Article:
photographs by Marcus Nilsson food stylist alison attenborough prop stylist laurent laborie
To atone for months of indulgence, Jennifer Rubell
suggests a soba soup that is so hearty and flavorful,
you’ll barely notice you’re being healthy.
I’m not one to deprive myself. Still, with a season of holiday
excess that trails well into the new year, something must be
done. I can’t take another decadent hors d’oeuvre, another
roasted beast. I crave a simple, poetic meal, good for body
and soul, the kind of thing a monk with really good taste
might eat—a Japanese monk, that is: soba noodles, served
hot in a smoky shiitake-mushroom broth with a few add-ins.
The key is to use a few intensely flavored ingredients, cook
them with care and place them in a deep bowl with all the
minimalist flair of a Japanese flower arrangement.
how to build a bowl of soba
As with much Japanese cuisine, the aesthetic presentation
of soba is essential. For this version, I’ve used ingredients
that evoke late winter: bare earth (shiitake mushrooms),
snow (tofu), evergreens (seaweed) and the hope of an early
sign of spring (green onion). Serves 4
1. make the broth
Place 1/4 cup soy sauce, 1 tablespoon
each brown sugar, chopped ginger
and chopped garlic, plus 1 cup water,
in a pot over high heat. Next, divide
20 shiitake mushrooms into stems
and caps. When soy mixture is at a
boil, add caps, reduce heat and
simmer 10 minutes. Remove caps;
reserve. Add stems plus 5 cups water,
bring to boil, reduce heat and simmer
covered, 30 minutes. Discard stems.
2. cook the soba
Bring a pot of salted water to a boil (if
the soba noodles have salt as an
ingredient, omit it from the water), add
a 10- to 11-ounce package of soba,
reduce to a simmer, and cook until the
noodles are firm but with no crunch
(similar to al dente pasta), about 3 to 6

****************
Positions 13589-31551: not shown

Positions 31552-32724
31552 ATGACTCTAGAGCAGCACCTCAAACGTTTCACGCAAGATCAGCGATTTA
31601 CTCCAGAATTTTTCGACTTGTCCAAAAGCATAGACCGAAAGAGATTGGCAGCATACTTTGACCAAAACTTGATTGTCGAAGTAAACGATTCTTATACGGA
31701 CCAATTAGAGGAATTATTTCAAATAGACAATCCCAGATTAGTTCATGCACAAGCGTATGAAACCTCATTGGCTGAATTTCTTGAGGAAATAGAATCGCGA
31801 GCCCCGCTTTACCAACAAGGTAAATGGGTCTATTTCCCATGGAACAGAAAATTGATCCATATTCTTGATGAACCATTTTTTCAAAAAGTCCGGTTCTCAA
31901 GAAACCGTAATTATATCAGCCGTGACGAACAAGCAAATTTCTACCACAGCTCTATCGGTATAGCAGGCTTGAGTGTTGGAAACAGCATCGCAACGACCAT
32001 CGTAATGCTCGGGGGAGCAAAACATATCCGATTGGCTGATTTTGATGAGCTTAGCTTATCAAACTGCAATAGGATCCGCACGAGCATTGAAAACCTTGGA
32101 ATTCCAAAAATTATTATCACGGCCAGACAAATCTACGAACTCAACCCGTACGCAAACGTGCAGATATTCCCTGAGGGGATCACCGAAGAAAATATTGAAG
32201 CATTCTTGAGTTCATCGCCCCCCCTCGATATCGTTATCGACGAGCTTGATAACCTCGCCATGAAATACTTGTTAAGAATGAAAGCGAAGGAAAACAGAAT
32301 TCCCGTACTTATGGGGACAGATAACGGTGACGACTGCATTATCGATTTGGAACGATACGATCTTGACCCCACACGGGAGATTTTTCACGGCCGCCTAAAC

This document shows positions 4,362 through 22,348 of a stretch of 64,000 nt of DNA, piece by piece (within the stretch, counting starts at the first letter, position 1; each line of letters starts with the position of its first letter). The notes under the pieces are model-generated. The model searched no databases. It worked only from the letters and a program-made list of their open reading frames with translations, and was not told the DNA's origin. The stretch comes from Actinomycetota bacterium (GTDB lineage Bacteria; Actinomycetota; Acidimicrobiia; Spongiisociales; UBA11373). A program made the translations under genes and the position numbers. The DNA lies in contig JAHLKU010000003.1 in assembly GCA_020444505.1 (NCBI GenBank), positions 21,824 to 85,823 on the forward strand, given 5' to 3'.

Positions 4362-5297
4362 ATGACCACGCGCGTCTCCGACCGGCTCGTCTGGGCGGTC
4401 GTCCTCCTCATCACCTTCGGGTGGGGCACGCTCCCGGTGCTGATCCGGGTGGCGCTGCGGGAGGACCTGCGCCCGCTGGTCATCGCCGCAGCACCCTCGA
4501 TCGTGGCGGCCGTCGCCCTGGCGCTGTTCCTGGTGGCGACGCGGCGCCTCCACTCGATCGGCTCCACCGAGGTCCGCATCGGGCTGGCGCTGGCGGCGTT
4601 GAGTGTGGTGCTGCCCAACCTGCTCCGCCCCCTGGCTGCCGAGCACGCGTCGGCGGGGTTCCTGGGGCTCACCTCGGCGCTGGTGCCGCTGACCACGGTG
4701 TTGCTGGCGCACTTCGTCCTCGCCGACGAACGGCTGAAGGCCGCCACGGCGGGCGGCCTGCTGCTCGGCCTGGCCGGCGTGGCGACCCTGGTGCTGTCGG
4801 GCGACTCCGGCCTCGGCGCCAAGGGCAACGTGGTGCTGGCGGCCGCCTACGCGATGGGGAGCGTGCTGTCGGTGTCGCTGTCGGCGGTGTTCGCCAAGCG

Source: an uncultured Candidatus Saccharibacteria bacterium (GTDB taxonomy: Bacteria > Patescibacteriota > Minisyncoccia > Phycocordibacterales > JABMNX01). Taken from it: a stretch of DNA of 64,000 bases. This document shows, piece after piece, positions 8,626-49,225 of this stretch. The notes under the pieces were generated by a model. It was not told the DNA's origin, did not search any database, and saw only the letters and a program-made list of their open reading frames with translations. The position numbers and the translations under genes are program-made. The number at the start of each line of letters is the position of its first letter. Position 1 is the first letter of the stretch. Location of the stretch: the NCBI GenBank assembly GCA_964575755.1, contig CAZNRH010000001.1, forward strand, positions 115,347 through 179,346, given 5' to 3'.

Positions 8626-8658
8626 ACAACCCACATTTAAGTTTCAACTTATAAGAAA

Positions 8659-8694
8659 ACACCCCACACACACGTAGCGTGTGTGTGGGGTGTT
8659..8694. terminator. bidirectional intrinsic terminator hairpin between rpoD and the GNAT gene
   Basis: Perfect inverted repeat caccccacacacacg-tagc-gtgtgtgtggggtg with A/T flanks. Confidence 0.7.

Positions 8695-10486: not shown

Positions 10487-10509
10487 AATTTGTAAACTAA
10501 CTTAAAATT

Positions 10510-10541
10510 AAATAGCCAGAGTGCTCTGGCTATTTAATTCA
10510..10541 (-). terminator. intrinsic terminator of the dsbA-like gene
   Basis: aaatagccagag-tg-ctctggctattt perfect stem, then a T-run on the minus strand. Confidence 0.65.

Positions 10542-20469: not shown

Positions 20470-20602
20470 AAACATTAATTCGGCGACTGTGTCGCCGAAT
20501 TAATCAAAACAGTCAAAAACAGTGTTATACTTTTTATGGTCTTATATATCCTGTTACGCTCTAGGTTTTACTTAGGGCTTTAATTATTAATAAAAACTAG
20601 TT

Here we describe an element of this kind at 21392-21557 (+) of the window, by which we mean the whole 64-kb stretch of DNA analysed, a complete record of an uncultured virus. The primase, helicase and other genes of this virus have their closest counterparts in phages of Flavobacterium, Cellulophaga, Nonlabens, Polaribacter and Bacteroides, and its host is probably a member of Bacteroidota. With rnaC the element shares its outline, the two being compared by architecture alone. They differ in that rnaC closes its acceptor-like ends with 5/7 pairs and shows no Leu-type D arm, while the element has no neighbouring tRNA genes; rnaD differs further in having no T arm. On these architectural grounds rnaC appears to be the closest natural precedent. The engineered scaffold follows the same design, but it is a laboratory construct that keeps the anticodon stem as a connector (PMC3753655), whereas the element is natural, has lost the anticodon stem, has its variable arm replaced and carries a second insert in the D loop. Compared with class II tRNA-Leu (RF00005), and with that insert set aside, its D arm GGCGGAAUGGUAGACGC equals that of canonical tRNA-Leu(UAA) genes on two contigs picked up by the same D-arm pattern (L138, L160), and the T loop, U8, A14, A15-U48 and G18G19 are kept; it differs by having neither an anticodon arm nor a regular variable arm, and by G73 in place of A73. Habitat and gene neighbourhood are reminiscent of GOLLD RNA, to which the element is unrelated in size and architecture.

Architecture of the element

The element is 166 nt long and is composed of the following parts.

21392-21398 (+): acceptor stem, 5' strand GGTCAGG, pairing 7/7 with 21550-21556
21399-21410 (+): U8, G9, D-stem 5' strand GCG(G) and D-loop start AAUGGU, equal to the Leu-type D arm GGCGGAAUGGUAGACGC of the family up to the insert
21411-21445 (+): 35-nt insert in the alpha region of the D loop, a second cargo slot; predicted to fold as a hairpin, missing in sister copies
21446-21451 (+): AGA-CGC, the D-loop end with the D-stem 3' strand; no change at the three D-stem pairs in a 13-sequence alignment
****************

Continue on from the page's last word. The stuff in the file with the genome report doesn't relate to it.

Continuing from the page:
minutes. Drain and rinse well with
cold water, then divide soba into four
bowls. Use a twirling motion with
tongs to form soba into nest shapes.
3. spoon in tofu
The Japanese prefer silken tofu,
which has a custard-like texture. Drain
a 1-pound container of silken tofu,
place in bowl, heat in microwave on
high for 1 minute, then scoop out with
a tablespoon, dividing equally among
bowls. “Tile” reserved mushroom
caps off-center on top of tofu.
4. sprinkle seaweed
Nori, the dark-green pressed seaweed
in sushi rolls, gives this dish a hint of the
sea. Cut a half sheet of it into
matchstick-size strips with scissors.
Sprinkle over tofu. Slice two green
onions on an extreme bias; divide
evenly among bowls.
5. ladle in the broth
Make sure broth is extremely hot.
To avoid disturbing the other
ingredients, ladle soup slowly
down the side of each bowl, as you
would pour a glass of champagne.
A variation on the traditional
seven-spice powder is to put out
dainty dishes of the mixture’s key
ingredients: sesame seeds, chili
powder and tangerine zest. Add a
pinch of each to the broth and stir.
Harvested in China for centuries,
white tea is made with the fresh,
unfurled buds of the tea plant. With
major antiviral and antibacterial
properties, and a delicate but
distinct flavor that matches its clear
to pale yellow color, white tea
tastes like the willowy, ultrarefined
cousin of green tea.
FSC Teak Large Rectangular Cutting Board with Well